As a result of the Ilesian phase in the Alpine area, at the turn of the lower and middle Santonian (≈ 85 Ma), there was a slight uplift of the South Bohemian region, interruption of sedimentation of the lower part of the Klikov Formation and a new arrangement of the depositional area, including mainly the Třeboň Basin, where the upper part of the Klikov Formation began to be deposited. Further uplift of the southern part of the Bohemian Massif during the Wernigerode phase of the Alpine orogeny at the end of the Santonian (≈ 83 Ma) led to the ending of the Senonian sedimentation in the South Bohemian basins. The mild, uneven uplift of the Bohemian Massif, associated with kaolinic weathering of crystalline rocks, denudation and peneplenization, probably continued until the end of the Eocene. Apparently, due to the Pyrenees phase, a partial height differentiation of the surface and local sedimentation of the Lipnice Formation (early Oligocene) occurred (see Fig. 6).


Fault activity in late Cenozoic

Tertiary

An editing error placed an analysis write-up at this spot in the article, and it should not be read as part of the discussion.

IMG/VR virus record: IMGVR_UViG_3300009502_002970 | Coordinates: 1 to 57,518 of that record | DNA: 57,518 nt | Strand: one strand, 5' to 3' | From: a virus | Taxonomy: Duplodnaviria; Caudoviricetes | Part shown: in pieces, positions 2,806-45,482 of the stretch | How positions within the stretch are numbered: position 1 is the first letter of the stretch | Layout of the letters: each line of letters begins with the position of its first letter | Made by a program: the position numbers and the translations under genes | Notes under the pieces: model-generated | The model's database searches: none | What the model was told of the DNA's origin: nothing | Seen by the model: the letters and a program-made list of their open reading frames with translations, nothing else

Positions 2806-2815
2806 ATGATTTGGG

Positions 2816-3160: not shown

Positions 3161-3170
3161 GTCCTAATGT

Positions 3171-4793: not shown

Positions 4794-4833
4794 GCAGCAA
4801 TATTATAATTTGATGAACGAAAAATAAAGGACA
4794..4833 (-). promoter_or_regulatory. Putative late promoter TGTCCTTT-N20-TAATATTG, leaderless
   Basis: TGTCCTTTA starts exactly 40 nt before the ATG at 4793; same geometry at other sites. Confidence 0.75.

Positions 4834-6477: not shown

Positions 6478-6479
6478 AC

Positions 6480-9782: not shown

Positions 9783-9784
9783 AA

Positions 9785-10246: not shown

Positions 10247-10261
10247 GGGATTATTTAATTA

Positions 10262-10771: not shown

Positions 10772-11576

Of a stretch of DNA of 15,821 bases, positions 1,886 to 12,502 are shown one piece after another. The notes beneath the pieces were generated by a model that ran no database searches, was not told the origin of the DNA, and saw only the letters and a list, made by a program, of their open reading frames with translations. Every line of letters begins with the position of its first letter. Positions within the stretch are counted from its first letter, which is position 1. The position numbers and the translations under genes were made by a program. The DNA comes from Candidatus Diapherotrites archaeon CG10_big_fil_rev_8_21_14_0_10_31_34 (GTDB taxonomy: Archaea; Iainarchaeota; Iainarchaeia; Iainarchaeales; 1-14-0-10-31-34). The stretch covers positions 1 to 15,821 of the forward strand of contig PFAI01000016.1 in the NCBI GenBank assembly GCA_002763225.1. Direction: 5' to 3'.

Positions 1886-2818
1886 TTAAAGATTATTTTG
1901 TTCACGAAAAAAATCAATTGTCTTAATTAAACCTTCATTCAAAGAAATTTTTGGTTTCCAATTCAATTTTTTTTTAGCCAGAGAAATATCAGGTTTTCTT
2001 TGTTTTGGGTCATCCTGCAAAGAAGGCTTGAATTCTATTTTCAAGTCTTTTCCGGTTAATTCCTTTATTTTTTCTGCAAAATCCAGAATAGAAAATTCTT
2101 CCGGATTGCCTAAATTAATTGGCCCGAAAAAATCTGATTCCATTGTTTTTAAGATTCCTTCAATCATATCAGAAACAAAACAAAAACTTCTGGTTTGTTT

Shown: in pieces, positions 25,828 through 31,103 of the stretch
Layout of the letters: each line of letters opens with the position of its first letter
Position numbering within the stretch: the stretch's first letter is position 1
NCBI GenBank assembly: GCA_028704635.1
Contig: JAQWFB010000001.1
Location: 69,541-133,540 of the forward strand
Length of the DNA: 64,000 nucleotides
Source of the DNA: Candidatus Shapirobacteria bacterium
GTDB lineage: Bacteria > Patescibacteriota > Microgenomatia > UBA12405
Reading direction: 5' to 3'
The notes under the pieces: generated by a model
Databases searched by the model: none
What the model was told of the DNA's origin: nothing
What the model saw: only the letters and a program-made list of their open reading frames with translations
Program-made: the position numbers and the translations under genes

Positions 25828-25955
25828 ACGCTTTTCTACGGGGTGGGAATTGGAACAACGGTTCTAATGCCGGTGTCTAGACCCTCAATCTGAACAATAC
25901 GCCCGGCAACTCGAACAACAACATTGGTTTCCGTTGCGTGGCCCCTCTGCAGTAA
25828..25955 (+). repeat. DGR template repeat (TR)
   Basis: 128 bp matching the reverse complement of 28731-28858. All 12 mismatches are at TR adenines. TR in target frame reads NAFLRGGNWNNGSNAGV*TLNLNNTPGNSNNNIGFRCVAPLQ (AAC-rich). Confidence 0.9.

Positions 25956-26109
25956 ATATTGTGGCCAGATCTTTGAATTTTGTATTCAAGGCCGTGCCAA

Several sedimentation cycles took place during Miocene and Pliocene. First during Ottnangian (≈ 18.3 - 17.0 Ma), when less important sediments of the Zliv Formation were deposited in an area little overlapping the Senonian Basins. At the Karpatian (≈ 16.5 Ma), the wider area was subsidized, and the depositional area expanded far beyond the Senonian Basins. In the depressions, the flow lakes formed NW-SE and NNE-SSW, which were drained to the south. Fluvial-lacustrine sedimentation began in the Karpatian by deposition of the lower part of the Mydlovary Formation (in the Budějovice Basin in the Pištín “Ditch” and in the Třeboň Basin in the “Ditches” of the Soběslav, Šalmanovice and Stropnice) and gradually expanded to the wider periphery of the Senonian Basins. The lithological development of the sediments of the Mydlovary Formation was influenced mainly by the oscillation of the depositional area level in relation to the level of the nearby sea. Due to the getting of brackish and sea water into the depositional area during the Badenian (≈ 16.1 Ma), there was a change in the lithology of sediments and deposition of diatomite clays (see ŘEHÁKOVÁ, 1959) of the upper part of the Mydlovary Formation. At the end of the Badenian, the last Miocene sedimentation cycle took place, during which the diatomite clays of the Domanín Formation were deposited in the Třeboň Basin and the Vrábeč and Koroseky gravelly sands with moldavites (see ŽEBERA, 1967) were deposited in the Budějovice Basin and on its periphery.